Challenges And Opportunities for China in the Semiconductor Industry

China’s investments will have a significant impact on the entire semiconductor ecosystem.


By Allen Lu
China’s new industry investment and government promotion policies represent major opportunities for China and global semiconductor companies. The global industry is closely watching the details of the policy and its implementation ─ both because of the resources China’s government has dedicated and the potential impact to the global semiconductor manufacturing supply chain. It is anticipated that the new policies will exert a significant influence on China and the entire semiconductor ecosystem.

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Take a look at the semiconductor supply chain:

  • The “Top 20” semiconductor companies currently account for 75 percent of revenue worldwide.
  • The “Top 5” account for 66 percent of all spending.
  • Samsung, TSMC, Micron, Hynix, Toshiba, and Intel account for 43 percent of global capacity.
  • And despite the considerable number of fabs in China, none of them have made it into the Top 20 yet.

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In addition, there are many Test & Assembly companies in China:

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Challenges in China’s Semiconductor Industry
With consolidation continuing largely unabated, Chinese semiconductor manufacturers are facing high entry barriers and competitive challenges. Not only does advanced IC manufacturing require huge investment, China is behind in terms of scaling and developing core competencies and IP.

China is taking significant steps to change the equation. Since technology, talent, markets and supply chains are all global, it is becoming increasingly important to answer the question how China intends to position itself as a key stakeholder – and competitor ─ in the global semiconductor ecosystem.

The announcement of major Chinese government investments in the domestic semiconductor industry has created a buzz worldwide. While this policy will certainly boost local companies, the risk of overly relying on government initiatives might actually hinder competitiveness and product excellence and divert the focus from sustained research and innovation. China needs to develop core competencies quickly and demonstrate them on the global stage. Competition on price alone will not work.

Opportunities for the Chinese Semiconductor Industry

  • Government resolve and resources to scale up China’s IC manufacturing.
  • Global semiconductor industry is mature with narrower margins. Trend for device manufacturing moving to Asia is continuing.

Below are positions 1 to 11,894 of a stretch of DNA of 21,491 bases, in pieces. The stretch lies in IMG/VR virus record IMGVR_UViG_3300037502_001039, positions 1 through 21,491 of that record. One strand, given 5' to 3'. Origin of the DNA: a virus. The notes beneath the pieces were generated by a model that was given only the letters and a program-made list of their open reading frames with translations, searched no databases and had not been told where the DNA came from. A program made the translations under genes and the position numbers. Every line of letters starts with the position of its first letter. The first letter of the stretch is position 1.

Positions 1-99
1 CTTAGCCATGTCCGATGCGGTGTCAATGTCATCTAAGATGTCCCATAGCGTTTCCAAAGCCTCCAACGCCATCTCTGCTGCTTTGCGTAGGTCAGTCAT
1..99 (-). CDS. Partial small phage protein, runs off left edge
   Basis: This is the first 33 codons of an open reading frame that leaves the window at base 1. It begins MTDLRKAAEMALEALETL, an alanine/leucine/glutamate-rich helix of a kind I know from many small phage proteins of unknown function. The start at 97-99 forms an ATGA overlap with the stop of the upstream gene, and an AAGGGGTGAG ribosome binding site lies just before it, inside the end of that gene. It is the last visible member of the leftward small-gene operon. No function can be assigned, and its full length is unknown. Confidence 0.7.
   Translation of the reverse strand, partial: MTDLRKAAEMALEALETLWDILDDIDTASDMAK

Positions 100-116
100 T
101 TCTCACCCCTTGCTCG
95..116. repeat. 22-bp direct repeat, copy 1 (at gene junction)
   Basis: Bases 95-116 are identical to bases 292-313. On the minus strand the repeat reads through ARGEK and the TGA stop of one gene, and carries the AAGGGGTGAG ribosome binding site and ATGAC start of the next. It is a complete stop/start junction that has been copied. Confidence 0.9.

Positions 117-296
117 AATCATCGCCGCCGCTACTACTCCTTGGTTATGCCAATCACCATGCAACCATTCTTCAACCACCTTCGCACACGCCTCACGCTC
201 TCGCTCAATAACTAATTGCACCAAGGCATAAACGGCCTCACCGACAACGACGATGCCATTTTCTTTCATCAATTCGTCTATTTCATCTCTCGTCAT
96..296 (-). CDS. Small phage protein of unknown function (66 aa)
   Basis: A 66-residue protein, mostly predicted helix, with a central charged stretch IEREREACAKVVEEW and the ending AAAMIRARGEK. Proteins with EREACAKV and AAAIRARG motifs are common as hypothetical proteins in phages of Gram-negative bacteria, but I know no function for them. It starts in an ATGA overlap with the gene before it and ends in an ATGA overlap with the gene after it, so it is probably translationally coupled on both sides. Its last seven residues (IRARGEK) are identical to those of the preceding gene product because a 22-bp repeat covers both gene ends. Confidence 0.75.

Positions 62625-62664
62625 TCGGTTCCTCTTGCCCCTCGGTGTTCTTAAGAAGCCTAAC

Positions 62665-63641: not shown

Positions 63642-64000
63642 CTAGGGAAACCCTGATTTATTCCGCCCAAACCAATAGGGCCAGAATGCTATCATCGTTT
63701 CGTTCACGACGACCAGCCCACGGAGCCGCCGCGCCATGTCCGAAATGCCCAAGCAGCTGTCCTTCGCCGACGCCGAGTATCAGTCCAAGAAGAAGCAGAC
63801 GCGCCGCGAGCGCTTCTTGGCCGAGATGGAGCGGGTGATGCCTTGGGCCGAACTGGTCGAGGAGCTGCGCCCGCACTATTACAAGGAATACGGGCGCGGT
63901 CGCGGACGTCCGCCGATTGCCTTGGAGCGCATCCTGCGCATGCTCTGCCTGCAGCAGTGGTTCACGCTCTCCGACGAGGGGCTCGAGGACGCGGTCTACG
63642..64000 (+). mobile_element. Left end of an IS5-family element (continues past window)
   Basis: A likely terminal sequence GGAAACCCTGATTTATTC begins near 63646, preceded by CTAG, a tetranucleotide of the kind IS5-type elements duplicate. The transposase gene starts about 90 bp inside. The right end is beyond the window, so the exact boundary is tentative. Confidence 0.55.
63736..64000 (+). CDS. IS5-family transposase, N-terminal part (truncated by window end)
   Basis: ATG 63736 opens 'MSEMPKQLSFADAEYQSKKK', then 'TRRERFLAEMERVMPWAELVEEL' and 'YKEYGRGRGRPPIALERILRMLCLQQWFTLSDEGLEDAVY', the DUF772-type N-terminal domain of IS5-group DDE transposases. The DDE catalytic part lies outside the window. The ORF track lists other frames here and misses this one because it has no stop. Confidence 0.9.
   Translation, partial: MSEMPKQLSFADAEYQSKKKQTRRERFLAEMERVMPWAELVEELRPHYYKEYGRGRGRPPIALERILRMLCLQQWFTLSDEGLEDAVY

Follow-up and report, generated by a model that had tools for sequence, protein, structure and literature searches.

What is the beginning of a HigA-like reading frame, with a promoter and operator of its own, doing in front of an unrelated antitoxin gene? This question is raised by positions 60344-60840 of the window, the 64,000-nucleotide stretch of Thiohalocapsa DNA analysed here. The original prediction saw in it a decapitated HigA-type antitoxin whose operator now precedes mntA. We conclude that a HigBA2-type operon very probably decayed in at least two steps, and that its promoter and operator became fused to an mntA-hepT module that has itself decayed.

• U.S. investors are no longer focusing on semiconductors. There has been next to no U.S. VC funding for semiconductor equipment and materials companies in the last 10 years.
  • China’s economy has scaled up: capital and talent are no longer considered “show-stoppers”.
  • China has an established electronics product eco-system – products are increasingly conceived and developed in China (especially in the mobile and consumer electronics sectors), and cost advantages are still being leveraged.
  • Culture, language, eco-systems, of the application market increasingly replace cost become the new advantages

It is clear that successful global collaboration is critical, opening up opportunities for global semiconductor stakeholders along the supply chain.

Recent China IC Initiatives and Developments
In June 2014, the State Council of China issued the “National Guideline for the Development and Promotion of the IC Industry,” to support the development of the domestic semiconductor industry. The Guideline addresses development targets, approaches, and specific measures to achieve that goal. It has echoed strongly across the global semiconductor industry and attracted a lot of attention due to the ambitious development targets and the sheer amount of funds made available for a national IC industry investment fund.

So what is new?

  • The Development Target: According to the Guideline, the China IC industry revenue is estimated to reach RMB350 billion in 2015, and maintain a CAGR of more than 20 percent through 2020. In other words, 2020 revenues are expected to reach US$143 billion, which is 3.5 times that of the US$40.5 billion in 2013. (Note: China IC Industrial revenue refers to the total IC companies’ sales revenue within China, including IC design companies, foundries, IDMs and OSAT companies.)
  • National IC Industry Investment Fund Establishment: Industry support has significantly changed compared to previous policies. The new policy will be adopted with a market-based approach and implemented through national IC industry investment funds to support industry development.

National Guideline for Development of the IC Industry (China State Council issued on June 24, 2014)
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June 3, 2014: 30B RMB Beijing IC Fund management company selection completed.

Sept 24, 2014: 120RMB National IC Industry Investment Fund established.

China’s National IC Fund Structure
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China IC Industry Revenue and Projection
Revenue targets under the 2014 China IC industry guideline indicate that the revenue target for 2015 is more than US$57 billion (RMB 350Billion) with a CAGR target of more than 20 percent between 2015 and 2020.